Boys will be boys

Pen, as the buzz goes in Islamabad, is mightier than the sword. Some might say a ‘hot mic’ or an informant is mightier than established hierarchies. The prize is up for grabs. It could go to Nawaz, to Imran or the Boys could snatch it from under their noses. After all, if history has taught us one thing, it is that Boys get what Boys want (these are also the lyrics of an upcoming song, commissioned by the Donald Trump Campaign).

Karachi was a tough decision to take. Boys had to twist a few arms, raze down a few sector offices and provide a viable alternative (even if it didn’t work out as planned) for the mice fleeing a sinking ship. On the International front, Boys have Nawaz by the ‘you know what’ and have check-mated his every move on the India front. Pathankot? Uri? Modi in Lahore? They had employed Game Theory to thwart any possible moves made by Nawaz government on India. Look where we are today? The US is about to wash her hands off us, China is hesitant, Russia is playing both sides, the ‘Ummah’ card is getting defunct, Bangladesh had had enough of us, Afghanistan is blocking our trucks and Maldives is our only friend left in the region.

There is good news and bad news. The good news is that we have hit rock bottom and the only way is up. The bad news is that there are no stairs in this black hole and we have to crawl our way up. But the past is not necessarily the future and if you squint enough, there is probably some light at the end of this tunnel. There is CPEC, consolidation of democratic credentials post-2018 and seamless changes in the top brass. Or y’know, the Boys are going to do it their way. There is, of course, a straightforward way to separate fact from fiction. We can either do it or otherwise. We should not discount the fact that Nawaz was here before Raheel, or Imran or Bilawal. If he can wriggle his way out of a dictator’s lap, a failed marriage with the establishment and the Attock Jail, Panama is not as big a hurdle. He has outlasted Zia, GIK, Farooq Leghari, Benazir Bhutto, Musharraf and the Chauhdrys of Gujrat. He is of course, the inaugurator-in-chief.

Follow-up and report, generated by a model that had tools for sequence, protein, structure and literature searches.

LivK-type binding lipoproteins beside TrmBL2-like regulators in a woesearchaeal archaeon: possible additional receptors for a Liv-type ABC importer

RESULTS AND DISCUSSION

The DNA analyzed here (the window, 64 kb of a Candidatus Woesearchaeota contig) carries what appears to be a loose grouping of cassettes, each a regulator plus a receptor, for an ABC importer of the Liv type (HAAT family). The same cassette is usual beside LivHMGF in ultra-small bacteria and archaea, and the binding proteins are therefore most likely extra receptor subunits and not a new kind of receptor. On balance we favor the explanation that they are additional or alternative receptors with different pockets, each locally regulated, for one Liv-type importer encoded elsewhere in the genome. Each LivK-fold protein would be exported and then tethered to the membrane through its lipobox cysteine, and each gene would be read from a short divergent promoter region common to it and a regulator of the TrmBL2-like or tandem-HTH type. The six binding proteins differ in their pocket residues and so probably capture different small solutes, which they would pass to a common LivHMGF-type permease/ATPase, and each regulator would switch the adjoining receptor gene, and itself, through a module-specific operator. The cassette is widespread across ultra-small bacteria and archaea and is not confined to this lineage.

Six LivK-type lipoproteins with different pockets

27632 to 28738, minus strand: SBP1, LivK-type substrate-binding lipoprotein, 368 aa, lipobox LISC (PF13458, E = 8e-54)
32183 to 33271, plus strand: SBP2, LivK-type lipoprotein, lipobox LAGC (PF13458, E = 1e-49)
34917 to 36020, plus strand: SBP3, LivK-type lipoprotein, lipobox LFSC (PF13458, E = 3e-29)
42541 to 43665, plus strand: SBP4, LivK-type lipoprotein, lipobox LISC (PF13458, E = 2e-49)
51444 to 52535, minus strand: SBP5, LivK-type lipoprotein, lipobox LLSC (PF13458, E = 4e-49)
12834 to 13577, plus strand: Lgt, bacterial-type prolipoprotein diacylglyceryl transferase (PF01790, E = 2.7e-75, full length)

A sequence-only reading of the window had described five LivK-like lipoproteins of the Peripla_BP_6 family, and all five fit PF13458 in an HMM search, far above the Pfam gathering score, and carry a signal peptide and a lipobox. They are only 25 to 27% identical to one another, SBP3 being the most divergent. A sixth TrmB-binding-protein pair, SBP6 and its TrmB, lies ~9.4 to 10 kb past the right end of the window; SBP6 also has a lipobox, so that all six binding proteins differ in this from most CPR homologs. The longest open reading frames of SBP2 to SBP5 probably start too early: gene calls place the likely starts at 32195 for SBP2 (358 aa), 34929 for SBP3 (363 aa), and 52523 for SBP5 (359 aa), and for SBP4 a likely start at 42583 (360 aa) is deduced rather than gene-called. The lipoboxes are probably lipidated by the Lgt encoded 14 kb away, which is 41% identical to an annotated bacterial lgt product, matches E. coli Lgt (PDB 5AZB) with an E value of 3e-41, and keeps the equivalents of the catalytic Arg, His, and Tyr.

Who could it be? Khawaja Asif has spoken against the boys before, Pervaiz Rasheed has a personal axe to grind, Maryam has an eye set on the future, Tariq Fatemi has been trying to flex his muscles for ages, Rizwan is on his way out so could easily tip the table on his way out, Nisar is frequently found at the wrong end of a smoking gun, Nawaz himself is prone to making blunders and we know what the IB is capable of, as the disgraced Midnight Jackals might tell you. Of course, anything that sounds that good is unlikely to be true, especially if you’re a civilian. The Boys have made a few noises, about caring more about the source than the news, but we know what dish is under the sauce (Hint: Its pasta).

Karachi is bleeding slowly, Balochistan has been occupied by the Boys since ages, Quetta is no longer the idyllic, leafy Cantonment town rebuilt after the Earthquake of 1935, Punjab is still off-limits and KP continues to be targeted at the miscreants’ will. CPEC was supposed to have a Western route but like every Western promise, it has been abandoned in plain sight. Imran is threatening to ‘Occupy’ Islamabad while Nawaz can’t move his sugar mills or finish the Orange Line Project. The Chief in Islamabad is not in the mood to accommodate Nawaz. Ah, the good old Iftikhar Chaudhry. Shehbaz is trippy because the Chief in Lahore prefers green over granite.

On the other side of the fence, Kashmir is like a hot potato for Modi, he can’t swallow it, and he can’t throw it out. Congress is breathing down his neck and Kejriwal is upping the ante in Punjab. He know what our Boys are capable of, and post-Uri, he has maintained the ‘Strategic Defence’ line. But for how long? If the boys don’t act on course correction, it might be too late. How late is too late? It turns out that Sword is, in fact, mightier than the pen. Oh and you can’t put a sword on the Exit Control List (ECL), just ask Musharraf, or the Boys.

The writer is a freelance columnist. Follow him on Twitter

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